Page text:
Sajan Pillai, founder of Season Two Ventures, a $100 million venture-capital fund based in India and California, is not searching for the next unicorn, which is a privately held start-up company valued at over $1 billion.
Instead, his fund’s objective is to identify and invest in leading edge start-up companies, help them grow over a three-year period to a valuation of about $150 million and sell them to strategic or financial buyers.
It seems simple, but the devil can be found in the details. One of Mr. Pillai’s advantages is his previous career as a successful entrepreneur who founded and built UST Global, a technology solutions provider to Forbes 500 companies, into an international powerhouse.
After retiring from his longtime position as CEO of UST Global, which is based in Aliso Viejo, California, Mr. Pillai decided to leverage his experience to help startups succeed.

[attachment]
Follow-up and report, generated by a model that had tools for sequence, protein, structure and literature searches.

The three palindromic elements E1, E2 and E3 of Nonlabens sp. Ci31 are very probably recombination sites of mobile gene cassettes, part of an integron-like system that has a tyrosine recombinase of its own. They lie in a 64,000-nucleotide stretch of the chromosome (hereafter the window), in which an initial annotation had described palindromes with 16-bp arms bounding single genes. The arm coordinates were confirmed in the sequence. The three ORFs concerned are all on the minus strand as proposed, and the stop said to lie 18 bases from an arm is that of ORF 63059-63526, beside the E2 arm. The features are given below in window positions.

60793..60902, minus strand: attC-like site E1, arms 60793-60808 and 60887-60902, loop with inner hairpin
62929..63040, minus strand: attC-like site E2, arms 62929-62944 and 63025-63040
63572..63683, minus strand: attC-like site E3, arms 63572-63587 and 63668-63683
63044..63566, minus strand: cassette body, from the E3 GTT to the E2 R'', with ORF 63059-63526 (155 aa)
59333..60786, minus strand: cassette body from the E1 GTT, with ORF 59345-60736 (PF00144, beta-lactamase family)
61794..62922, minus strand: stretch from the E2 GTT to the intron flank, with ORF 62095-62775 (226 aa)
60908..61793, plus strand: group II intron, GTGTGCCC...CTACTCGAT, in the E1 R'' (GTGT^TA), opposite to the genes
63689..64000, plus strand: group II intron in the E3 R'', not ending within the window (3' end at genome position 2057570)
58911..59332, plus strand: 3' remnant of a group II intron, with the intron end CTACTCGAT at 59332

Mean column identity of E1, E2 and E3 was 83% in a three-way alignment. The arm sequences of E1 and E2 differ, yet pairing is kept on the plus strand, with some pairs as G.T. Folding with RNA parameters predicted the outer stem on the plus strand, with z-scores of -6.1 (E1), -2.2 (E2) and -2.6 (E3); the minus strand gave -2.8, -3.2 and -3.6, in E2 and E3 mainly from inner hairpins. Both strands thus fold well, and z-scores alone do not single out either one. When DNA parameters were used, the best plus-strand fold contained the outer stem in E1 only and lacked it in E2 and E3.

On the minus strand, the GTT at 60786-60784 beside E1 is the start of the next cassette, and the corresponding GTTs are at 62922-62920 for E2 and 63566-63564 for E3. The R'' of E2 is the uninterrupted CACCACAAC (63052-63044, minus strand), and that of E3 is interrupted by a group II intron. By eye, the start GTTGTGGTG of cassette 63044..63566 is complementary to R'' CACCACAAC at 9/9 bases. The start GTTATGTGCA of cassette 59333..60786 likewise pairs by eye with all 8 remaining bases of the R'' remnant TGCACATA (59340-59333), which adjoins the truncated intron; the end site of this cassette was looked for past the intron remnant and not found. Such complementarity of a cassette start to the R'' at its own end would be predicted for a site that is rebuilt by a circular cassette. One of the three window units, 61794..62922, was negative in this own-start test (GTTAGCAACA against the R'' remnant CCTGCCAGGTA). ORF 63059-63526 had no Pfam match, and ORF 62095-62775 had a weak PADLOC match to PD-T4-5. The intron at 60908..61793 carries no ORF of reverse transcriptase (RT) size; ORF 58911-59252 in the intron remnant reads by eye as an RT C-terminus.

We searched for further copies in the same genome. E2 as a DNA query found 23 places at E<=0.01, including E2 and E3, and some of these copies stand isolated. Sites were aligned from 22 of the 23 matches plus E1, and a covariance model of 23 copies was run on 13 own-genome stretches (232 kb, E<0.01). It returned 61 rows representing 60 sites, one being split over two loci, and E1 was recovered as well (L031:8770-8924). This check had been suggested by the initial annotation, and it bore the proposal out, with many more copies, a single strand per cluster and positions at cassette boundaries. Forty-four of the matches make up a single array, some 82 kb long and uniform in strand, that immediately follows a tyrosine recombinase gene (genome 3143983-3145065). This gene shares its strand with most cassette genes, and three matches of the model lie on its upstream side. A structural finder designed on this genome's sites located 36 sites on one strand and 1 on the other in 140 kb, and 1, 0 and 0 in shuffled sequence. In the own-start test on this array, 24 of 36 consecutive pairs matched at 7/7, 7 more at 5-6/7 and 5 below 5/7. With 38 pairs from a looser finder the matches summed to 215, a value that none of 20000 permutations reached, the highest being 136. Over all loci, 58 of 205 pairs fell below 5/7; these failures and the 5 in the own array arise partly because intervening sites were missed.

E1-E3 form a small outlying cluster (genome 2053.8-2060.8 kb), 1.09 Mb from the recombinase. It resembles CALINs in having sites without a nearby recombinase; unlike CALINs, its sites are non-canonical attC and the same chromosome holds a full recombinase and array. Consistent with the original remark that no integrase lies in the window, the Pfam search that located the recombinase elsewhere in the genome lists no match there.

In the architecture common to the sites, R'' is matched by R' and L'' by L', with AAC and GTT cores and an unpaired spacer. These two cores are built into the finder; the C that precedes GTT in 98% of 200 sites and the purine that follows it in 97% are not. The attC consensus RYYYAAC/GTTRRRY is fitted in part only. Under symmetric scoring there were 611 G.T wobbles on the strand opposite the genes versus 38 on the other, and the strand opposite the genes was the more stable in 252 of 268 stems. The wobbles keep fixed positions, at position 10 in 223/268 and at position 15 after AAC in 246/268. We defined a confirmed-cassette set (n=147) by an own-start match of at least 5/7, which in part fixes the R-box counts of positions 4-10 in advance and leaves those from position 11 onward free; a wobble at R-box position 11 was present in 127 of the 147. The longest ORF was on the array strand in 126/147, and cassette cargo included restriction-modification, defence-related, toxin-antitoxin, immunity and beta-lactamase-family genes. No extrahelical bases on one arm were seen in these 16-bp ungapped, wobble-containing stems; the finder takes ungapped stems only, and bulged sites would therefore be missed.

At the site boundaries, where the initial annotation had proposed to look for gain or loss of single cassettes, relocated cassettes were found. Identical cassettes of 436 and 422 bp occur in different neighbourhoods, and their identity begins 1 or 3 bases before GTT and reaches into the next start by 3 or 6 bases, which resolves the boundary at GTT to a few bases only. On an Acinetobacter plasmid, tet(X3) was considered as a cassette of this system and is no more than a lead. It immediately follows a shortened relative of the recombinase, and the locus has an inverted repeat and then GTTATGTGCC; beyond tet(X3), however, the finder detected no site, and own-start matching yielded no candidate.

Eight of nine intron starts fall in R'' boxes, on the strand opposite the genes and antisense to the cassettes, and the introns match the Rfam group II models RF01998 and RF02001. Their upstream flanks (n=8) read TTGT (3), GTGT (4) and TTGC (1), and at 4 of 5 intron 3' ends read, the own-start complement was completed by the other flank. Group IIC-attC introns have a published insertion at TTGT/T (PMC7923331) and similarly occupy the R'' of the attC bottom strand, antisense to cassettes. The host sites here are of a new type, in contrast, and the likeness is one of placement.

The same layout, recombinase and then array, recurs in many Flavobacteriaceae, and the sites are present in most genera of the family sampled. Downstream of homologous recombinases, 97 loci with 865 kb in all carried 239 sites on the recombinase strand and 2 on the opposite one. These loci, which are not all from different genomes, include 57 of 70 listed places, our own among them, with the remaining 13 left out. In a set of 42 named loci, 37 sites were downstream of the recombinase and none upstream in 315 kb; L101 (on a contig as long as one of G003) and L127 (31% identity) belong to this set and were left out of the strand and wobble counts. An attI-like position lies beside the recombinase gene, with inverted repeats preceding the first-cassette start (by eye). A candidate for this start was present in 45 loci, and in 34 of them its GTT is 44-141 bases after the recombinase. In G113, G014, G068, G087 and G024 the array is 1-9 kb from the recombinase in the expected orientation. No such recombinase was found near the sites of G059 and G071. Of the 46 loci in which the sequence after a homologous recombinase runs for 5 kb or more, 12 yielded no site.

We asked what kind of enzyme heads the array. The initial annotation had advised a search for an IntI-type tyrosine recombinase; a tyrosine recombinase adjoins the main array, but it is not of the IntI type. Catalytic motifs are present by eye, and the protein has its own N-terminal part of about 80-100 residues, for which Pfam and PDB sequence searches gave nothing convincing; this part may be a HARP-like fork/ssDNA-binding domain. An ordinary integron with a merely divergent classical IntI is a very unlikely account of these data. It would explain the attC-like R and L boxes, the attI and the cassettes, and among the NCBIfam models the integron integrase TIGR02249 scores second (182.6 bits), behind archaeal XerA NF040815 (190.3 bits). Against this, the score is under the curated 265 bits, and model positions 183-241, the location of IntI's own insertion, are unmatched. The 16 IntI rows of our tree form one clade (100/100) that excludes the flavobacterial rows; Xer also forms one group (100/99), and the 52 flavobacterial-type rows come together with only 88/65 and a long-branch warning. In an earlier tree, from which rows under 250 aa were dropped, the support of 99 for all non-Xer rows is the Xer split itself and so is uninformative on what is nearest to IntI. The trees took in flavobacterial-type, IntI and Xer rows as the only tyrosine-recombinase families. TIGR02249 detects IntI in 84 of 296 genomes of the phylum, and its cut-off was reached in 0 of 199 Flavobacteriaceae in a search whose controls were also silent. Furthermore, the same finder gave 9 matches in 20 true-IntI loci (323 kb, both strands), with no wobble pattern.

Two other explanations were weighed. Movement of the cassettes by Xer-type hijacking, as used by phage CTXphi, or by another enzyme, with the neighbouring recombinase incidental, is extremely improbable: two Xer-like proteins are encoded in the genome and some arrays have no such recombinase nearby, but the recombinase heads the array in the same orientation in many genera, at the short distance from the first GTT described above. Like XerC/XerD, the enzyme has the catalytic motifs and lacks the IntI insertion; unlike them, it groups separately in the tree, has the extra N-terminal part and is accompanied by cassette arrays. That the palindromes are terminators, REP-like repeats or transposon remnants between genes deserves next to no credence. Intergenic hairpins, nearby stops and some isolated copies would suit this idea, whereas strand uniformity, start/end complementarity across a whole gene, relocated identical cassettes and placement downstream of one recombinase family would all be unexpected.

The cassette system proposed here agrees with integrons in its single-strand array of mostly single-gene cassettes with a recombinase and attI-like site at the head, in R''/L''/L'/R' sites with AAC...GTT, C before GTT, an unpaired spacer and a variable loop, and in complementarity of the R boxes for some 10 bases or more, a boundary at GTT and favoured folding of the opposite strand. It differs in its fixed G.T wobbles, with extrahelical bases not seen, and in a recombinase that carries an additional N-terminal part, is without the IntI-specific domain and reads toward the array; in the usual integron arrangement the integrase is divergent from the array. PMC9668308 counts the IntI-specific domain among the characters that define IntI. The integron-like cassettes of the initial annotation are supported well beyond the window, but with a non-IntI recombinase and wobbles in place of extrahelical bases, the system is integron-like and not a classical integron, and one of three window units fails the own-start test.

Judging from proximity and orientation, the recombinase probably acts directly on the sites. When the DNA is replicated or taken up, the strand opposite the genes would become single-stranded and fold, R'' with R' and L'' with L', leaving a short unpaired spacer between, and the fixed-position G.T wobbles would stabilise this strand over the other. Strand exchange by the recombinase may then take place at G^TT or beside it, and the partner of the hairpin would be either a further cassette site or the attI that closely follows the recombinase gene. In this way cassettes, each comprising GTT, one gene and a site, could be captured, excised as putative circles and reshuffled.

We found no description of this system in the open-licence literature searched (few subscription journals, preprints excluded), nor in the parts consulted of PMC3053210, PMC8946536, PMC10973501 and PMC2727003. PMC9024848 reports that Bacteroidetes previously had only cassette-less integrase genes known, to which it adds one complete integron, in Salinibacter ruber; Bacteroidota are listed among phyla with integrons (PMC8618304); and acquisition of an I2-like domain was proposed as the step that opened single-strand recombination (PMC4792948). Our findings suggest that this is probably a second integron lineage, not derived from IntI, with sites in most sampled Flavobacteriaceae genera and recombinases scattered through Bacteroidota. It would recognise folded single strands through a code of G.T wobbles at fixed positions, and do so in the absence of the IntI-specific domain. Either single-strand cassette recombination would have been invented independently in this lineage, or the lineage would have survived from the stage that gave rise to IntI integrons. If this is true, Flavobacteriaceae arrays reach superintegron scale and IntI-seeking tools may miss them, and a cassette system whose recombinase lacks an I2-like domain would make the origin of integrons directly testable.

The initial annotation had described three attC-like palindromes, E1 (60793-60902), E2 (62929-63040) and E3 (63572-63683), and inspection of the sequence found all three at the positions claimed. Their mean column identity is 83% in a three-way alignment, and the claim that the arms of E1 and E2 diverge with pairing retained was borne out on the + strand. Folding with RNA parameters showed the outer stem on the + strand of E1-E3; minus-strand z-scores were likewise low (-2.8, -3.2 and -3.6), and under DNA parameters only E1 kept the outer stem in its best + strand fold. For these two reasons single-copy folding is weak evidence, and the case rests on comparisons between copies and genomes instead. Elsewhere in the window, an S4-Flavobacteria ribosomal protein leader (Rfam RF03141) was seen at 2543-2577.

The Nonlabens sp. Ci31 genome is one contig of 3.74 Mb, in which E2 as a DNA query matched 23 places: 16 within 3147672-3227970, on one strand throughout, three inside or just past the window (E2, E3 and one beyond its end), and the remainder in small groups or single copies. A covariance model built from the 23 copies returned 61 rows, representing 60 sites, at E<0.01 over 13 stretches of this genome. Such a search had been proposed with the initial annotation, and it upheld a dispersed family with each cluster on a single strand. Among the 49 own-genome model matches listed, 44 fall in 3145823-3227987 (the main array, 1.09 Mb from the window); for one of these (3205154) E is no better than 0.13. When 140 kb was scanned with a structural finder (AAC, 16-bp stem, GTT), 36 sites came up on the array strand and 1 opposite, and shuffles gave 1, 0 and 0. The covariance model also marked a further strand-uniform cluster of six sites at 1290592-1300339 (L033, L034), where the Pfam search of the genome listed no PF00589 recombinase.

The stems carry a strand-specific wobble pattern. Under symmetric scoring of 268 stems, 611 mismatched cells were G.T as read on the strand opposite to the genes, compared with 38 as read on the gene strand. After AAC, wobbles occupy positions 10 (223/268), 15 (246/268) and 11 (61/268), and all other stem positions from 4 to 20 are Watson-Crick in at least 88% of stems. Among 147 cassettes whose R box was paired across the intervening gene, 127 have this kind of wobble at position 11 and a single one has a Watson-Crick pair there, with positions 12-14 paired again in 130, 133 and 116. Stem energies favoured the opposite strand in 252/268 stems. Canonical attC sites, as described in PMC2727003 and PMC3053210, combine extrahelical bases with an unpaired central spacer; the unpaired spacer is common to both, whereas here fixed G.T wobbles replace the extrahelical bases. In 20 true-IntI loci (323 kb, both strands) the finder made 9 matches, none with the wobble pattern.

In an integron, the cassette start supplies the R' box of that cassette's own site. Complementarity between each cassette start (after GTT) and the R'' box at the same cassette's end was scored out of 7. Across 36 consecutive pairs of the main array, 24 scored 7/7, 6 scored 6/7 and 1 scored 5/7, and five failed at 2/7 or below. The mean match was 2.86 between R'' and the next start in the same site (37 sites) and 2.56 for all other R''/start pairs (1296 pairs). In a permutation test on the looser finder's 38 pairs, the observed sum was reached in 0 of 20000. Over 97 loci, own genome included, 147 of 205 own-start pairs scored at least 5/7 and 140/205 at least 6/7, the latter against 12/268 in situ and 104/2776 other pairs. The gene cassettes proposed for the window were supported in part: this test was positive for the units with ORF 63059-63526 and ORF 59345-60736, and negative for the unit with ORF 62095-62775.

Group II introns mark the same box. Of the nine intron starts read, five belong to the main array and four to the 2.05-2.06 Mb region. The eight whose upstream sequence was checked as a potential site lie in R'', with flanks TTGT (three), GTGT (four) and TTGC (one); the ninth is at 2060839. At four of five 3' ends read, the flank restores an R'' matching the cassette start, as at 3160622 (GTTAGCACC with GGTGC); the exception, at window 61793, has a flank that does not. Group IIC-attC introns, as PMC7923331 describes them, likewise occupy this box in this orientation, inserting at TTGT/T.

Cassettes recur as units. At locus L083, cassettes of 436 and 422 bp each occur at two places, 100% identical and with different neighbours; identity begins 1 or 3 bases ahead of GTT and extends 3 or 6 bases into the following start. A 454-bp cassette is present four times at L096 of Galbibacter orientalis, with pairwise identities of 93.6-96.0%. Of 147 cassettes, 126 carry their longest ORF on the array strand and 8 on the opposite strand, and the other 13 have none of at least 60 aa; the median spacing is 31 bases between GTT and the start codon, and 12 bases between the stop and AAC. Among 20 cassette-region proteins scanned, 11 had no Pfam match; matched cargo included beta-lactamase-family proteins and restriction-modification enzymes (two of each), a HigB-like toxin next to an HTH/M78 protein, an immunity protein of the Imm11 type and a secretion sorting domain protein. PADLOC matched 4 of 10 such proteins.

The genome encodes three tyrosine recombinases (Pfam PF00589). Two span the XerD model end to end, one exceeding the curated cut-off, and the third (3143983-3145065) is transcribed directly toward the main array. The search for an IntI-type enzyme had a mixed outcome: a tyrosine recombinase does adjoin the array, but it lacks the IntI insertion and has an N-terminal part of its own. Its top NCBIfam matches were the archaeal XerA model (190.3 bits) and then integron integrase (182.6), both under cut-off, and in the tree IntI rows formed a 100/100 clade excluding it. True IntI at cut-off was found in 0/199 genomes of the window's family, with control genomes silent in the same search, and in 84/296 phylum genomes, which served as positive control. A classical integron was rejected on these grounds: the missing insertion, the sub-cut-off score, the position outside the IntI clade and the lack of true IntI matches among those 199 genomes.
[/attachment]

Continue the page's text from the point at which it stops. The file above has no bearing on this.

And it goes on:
Q: There are thousands of VC firms, why did you decide to launch Season Two Ventures?
A: While it’s true the VC world is composed of many firms, we have identified an underserved segment and designed a different method for improving the rate of success. Our competitive advantages include a decided focus on business-to-business companies in India. Despite the economic development of the country, it remains underserviced by venture capital. There are literally millions of budding entrepreneurs with innovative B-to-B technology solutions, but who lack access to international customers.
Q: So, investors should view Season Two Ventures as a pure play on India’s economy?
A: Well, at least a segment of India’s business economy. For investors it is important to understand that Indian companies have a considerably lower cost structure than Western companies. A lower operating cost structure provides for huge operational leverage, which translates into a massive financial advantage.
Q: Are there specific niches within the business-to-business sector where the fund is focused?